3

From the Nikwax link you provide: For best results remove all non-washable parts and always clean item(s) first with Nikwax Tech Wash®. No need to dry item(s) before waterproofing. Protect working surface and lay clean wet fastened garment flat. Hold bottle 15 cm/6 inches away from garment. Apply evenly to outside of fabric. Wait for ...


2

There are several size small 32-inch inseam rain pants listed on REI.com so that should at least get you close. If you prefer a 34-inch inseam the closest I have yet found is this REI pant in medium. You found the expensive Arc'Teryx Beta AR in the right size at Mountain Gear.


2

After years of experience doing short and long treks in various climates this is the first time I hear of a trekking umbrella. And honestly, I'm not convinced. Yes, rain protection will be good, breathability is excellent and they are easy to set up and take down when the weather changes (even without taking of the backpack). The single big problem I see ...


2

So trekking umbrellas are apparently a thing. And no one can really argue the claim that they are the most "breathable" form of raingear. There are a couple varieties, some are designed ultra compact to be lightweight and packable, and others are designed to be rigged to your backpack for handsfree trekking. U.L. Trekking Umbrella Swing-Hands Free: The ...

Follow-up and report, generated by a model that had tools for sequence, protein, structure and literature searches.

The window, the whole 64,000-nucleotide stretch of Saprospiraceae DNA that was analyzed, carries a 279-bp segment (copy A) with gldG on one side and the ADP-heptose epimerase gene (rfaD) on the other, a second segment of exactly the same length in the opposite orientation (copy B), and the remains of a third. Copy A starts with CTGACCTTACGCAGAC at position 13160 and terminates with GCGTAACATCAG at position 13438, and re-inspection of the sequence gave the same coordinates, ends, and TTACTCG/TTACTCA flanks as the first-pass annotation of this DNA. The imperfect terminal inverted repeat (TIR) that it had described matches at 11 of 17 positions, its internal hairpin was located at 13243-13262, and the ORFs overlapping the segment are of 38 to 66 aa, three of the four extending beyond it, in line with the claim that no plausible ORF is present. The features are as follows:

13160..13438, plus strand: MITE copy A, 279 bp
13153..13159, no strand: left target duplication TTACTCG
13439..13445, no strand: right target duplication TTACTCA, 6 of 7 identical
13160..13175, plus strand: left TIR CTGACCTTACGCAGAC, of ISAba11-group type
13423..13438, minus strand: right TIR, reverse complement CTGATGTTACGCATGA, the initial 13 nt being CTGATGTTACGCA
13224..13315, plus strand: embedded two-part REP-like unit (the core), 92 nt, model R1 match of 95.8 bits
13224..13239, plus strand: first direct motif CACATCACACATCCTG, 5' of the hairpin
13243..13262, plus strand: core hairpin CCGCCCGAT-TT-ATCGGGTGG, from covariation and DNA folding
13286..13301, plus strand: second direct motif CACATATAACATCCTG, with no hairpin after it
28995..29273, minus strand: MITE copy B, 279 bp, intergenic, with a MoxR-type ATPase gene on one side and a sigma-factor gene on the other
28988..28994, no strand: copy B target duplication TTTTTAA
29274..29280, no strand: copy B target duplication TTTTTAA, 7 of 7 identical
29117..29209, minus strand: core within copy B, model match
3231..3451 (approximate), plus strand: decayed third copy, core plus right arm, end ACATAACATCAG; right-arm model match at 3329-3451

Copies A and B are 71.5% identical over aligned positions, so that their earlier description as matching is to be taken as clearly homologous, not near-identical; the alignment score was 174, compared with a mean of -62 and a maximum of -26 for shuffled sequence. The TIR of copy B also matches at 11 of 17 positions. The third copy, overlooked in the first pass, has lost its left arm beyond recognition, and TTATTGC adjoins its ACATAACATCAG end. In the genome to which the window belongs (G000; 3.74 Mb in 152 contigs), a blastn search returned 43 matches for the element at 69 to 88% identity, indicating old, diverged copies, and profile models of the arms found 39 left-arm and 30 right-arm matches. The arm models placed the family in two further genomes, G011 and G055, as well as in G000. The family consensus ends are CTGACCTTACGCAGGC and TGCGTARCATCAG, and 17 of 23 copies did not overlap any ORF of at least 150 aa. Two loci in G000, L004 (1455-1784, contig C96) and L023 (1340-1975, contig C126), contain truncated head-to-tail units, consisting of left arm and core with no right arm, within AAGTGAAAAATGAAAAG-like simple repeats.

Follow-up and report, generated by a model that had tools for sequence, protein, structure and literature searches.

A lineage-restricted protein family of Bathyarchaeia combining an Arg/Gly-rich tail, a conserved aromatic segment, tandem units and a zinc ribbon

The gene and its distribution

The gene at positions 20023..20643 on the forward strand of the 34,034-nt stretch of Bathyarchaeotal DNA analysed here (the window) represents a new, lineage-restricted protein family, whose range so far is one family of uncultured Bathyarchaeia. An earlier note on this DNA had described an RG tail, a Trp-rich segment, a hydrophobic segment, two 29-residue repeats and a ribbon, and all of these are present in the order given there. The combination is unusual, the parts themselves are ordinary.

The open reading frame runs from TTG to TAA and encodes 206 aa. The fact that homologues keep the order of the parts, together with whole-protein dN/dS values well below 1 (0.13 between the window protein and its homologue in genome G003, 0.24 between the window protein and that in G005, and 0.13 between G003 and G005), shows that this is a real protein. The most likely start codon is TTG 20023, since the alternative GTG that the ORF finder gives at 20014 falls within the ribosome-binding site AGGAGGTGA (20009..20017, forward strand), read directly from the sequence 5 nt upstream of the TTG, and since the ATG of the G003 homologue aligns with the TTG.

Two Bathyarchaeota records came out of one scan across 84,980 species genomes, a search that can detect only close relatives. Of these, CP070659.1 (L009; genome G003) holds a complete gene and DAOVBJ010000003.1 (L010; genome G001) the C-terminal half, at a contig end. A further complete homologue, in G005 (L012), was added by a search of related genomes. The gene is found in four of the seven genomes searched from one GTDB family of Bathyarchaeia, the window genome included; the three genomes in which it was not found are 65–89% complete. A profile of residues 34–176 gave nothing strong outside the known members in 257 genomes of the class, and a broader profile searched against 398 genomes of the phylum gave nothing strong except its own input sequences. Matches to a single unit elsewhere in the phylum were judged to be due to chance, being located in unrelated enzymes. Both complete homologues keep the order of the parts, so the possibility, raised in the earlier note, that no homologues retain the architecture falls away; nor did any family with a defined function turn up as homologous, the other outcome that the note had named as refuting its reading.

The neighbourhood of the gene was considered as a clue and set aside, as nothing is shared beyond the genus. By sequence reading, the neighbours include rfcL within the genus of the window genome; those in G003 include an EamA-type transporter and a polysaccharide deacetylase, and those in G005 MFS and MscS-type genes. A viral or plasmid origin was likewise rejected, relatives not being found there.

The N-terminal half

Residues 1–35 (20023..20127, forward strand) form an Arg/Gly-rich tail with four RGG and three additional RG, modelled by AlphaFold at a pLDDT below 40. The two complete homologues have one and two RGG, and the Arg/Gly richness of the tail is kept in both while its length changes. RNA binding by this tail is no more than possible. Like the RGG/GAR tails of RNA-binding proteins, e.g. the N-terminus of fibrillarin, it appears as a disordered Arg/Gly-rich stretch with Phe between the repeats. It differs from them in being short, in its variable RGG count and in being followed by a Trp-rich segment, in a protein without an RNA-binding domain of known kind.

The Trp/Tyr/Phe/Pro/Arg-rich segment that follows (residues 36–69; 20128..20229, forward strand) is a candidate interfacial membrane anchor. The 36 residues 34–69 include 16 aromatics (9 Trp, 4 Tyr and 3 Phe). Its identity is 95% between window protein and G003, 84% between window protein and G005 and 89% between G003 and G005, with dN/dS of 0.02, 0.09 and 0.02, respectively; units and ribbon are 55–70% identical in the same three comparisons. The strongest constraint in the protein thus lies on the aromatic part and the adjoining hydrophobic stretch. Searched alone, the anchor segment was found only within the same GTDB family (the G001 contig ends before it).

2

Even breathable fabrics like Gore Tex will make you sweat when it's too warm - there needs to be a certain temperature difference for the fabric to work. So, you'll need to increase ventilation. The aforementioned pit zips are a good idea. A waterproof hat/cap instead of the jacket's hood also helps. Or just use an umbrella ...


1

Good zipper may keep out more water, but a rain flap will do the trick. A rain flap has a vulnerable direction. Driving rain from side with the open edge of the flap will seep further. Rain gear that will keep you dry bicycling is tough. You are either going to get wet or you are going to sweat, unless you have a flat route done at constant effort. I ...